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Ashley Kannan eNotes educator| Certified Educator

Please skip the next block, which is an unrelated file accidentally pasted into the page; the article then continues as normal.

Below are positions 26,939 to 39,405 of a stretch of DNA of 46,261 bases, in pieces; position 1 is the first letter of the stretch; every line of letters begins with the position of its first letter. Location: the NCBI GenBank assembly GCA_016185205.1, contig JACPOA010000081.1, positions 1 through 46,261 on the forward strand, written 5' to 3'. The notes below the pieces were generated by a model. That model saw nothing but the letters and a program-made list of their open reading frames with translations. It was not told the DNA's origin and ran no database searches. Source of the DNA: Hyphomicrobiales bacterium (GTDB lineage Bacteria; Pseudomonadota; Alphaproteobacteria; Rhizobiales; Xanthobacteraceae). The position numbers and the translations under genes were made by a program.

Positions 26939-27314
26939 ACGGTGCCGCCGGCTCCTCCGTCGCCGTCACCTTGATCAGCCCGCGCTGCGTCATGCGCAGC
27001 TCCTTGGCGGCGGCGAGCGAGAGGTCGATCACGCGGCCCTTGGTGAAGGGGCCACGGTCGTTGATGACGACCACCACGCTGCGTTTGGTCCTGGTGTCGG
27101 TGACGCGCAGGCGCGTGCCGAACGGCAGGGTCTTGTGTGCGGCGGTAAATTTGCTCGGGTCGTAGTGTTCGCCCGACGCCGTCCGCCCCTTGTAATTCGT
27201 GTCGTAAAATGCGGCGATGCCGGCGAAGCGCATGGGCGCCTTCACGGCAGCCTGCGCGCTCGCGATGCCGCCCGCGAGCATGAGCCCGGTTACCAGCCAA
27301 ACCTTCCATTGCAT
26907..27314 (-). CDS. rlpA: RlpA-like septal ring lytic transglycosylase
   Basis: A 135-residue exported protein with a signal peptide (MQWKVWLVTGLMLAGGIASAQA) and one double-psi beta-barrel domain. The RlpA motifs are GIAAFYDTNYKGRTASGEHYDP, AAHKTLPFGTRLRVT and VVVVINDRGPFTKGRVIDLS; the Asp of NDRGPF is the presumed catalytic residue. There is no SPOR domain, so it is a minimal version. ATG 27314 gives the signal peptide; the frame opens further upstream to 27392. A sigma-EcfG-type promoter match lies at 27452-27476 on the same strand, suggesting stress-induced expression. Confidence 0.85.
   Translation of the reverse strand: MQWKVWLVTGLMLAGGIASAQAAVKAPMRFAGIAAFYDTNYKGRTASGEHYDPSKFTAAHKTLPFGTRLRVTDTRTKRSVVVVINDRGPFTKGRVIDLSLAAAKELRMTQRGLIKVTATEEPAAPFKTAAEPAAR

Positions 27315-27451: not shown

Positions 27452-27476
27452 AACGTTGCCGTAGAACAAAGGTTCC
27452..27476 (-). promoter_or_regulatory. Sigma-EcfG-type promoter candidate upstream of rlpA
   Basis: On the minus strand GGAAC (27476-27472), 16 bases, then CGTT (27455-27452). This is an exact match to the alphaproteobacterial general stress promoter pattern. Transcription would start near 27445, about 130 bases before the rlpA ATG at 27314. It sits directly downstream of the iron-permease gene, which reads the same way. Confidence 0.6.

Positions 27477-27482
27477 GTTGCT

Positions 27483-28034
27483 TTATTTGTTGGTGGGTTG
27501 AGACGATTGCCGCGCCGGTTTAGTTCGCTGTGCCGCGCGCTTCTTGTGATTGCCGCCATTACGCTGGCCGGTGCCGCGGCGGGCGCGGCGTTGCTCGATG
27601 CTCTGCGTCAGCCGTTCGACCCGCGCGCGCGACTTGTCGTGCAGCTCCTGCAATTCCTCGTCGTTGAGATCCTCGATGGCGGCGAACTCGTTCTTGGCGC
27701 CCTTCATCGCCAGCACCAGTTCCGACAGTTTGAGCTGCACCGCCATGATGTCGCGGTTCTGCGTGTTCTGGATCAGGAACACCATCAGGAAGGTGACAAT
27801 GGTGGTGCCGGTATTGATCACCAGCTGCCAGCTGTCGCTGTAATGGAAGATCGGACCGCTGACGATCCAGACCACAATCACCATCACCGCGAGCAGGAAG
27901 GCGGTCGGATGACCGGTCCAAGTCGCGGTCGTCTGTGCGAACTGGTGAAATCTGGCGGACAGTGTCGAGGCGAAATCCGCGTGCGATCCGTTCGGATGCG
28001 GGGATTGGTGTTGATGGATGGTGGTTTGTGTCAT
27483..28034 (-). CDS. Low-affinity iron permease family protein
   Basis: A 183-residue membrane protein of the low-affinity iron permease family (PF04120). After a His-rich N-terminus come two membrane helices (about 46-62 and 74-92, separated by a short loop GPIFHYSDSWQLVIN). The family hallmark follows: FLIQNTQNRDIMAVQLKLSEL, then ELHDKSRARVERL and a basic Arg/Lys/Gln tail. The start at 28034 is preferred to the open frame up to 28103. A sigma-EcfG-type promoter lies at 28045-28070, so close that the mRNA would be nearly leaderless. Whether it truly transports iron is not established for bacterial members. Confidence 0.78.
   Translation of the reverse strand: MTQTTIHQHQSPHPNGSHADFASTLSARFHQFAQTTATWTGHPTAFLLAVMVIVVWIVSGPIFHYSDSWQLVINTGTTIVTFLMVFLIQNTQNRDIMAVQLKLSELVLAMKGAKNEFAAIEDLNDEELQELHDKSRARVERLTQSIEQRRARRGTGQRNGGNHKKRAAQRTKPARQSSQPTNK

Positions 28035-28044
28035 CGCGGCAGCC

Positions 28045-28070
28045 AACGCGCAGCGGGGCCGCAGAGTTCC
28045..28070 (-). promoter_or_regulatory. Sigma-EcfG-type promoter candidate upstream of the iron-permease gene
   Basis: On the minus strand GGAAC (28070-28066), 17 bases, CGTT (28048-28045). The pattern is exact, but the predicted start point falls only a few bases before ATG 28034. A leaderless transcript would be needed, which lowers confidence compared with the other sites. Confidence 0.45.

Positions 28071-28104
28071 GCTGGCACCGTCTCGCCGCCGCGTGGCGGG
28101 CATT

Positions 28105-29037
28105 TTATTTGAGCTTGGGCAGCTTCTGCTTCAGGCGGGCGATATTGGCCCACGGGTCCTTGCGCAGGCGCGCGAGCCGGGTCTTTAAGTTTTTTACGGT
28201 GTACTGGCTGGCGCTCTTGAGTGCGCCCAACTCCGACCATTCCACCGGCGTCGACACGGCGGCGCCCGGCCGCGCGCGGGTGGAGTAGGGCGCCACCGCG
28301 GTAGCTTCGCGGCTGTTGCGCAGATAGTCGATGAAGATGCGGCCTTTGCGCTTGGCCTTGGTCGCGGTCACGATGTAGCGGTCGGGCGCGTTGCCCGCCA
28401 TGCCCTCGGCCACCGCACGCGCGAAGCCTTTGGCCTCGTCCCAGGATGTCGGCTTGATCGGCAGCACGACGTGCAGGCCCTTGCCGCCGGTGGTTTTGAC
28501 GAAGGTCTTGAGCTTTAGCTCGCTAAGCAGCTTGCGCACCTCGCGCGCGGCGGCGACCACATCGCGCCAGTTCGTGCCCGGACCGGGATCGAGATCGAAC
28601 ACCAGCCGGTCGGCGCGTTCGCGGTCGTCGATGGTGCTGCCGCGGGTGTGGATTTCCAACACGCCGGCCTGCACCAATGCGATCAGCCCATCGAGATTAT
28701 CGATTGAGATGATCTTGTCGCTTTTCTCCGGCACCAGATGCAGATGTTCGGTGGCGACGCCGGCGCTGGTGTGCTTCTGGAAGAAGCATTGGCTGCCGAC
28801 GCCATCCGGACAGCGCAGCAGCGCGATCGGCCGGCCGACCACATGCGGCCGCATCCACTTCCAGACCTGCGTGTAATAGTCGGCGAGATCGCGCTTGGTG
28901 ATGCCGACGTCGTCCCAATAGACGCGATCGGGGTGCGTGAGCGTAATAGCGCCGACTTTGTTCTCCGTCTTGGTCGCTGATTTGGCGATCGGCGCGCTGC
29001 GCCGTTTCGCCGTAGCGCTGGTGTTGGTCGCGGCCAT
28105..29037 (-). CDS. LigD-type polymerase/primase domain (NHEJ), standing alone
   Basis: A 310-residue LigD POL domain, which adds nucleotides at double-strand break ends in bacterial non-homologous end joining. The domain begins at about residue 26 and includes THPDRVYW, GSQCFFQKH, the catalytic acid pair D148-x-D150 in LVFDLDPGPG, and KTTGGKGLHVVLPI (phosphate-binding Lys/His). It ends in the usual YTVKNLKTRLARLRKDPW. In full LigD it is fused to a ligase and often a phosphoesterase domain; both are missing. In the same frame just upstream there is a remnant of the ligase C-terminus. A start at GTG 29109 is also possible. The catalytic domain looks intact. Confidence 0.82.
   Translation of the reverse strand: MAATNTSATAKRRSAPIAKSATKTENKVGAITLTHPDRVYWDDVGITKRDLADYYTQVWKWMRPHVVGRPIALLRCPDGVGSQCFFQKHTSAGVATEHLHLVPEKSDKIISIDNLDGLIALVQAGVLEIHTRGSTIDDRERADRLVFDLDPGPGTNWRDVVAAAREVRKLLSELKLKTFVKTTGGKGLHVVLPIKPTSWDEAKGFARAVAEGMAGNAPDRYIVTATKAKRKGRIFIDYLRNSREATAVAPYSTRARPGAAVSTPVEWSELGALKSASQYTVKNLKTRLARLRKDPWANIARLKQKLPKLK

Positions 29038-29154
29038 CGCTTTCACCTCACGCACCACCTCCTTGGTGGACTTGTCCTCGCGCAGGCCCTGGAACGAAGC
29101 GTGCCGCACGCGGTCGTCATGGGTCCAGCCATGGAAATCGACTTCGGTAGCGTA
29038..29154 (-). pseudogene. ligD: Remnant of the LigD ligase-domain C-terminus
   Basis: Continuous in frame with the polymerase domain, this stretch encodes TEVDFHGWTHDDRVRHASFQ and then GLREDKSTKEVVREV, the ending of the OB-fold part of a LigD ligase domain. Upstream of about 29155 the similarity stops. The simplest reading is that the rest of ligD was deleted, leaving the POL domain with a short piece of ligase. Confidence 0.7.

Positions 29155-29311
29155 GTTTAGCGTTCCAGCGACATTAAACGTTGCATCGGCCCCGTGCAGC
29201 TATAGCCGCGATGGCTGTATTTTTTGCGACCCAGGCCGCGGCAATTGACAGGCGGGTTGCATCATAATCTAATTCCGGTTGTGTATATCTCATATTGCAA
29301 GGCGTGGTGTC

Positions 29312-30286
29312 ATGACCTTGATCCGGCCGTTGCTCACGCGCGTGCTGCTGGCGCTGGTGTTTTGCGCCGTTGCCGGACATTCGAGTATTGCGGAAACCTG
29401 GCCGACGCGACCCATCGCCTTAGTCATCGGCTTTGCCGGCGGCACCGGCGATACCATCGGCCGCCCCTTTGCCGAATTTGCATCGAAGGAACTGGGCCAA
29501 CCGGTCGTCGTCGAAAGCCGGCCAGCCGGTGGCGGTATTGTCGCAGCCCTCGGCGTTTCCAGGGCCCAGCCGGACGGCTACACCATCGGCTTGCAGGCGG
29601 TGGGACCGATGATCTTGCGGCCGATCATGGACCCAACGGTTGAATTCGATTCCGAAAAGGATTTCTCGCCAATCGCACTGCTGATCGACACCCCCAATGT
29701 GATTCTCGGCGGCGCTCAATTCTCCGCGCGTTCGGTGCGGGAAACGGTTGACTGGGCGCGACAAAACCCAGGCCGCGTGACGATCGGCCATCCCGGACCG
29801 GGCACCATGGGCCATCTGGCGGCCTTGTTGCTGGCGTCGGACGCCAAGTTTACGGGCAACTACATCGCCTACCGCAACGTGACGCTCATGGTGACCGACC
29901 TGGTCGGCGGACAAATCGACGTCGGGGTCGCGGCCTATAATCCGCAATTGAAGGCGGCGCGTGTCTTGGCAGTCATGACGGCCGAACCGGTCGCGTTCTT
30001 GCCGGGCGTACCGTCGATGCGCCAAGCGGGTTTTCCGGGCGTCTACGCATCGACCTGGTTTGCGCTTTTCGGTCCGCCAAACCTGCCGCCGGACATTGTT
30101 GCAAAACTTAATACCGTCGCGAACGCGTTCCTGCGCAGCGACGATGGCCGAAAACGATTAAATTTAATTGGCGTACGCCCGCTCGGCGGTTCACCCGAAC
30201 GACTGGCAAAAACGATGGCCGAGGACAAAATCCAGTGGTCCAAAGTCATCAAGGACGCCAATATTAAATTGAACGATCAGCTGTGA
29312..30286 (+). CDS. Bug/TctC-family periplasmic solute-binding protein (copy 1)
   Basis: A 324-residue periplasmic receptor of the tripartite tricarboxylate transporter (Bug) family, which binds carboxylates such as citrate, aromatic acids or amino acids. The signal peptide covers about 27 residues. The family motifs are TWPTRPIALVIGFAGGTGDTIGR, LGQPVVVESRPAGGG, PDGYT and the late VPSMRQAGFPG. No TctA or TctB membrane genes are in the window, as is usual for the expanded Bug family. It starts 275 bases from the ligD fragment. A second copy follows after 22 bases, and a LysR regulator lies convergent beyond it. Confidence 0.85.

I think that incarceration helps to control the public perception of crime.  The standard belief is that the building of more prisons and the perception that more criminals are being "locked up" helps to build the idea that incarceration controls criminal activity.  The reality might be more along the lines that incarceration controls most of the public demand for "justice."  People feel that there is a greater emphasis on controlling crime when incarceration is viewed.  Some of this might lie in the idea that if the prisoners are "locked up," they are out of society's view, or "not in my backyard" and thus incarceration helps to control the perceived feeling of safety and security.  I think that there can be statistics to point to how incarceration controls criminal activity, but it does not seem very logical to presume that the presence of incarceration deters people from pursuing criminal activity.  While other forces argue that incarceration works as a control against crime, I tend to feel that what incarceration does control is political perception of crime and the social view that the role of incarceration provides safety.

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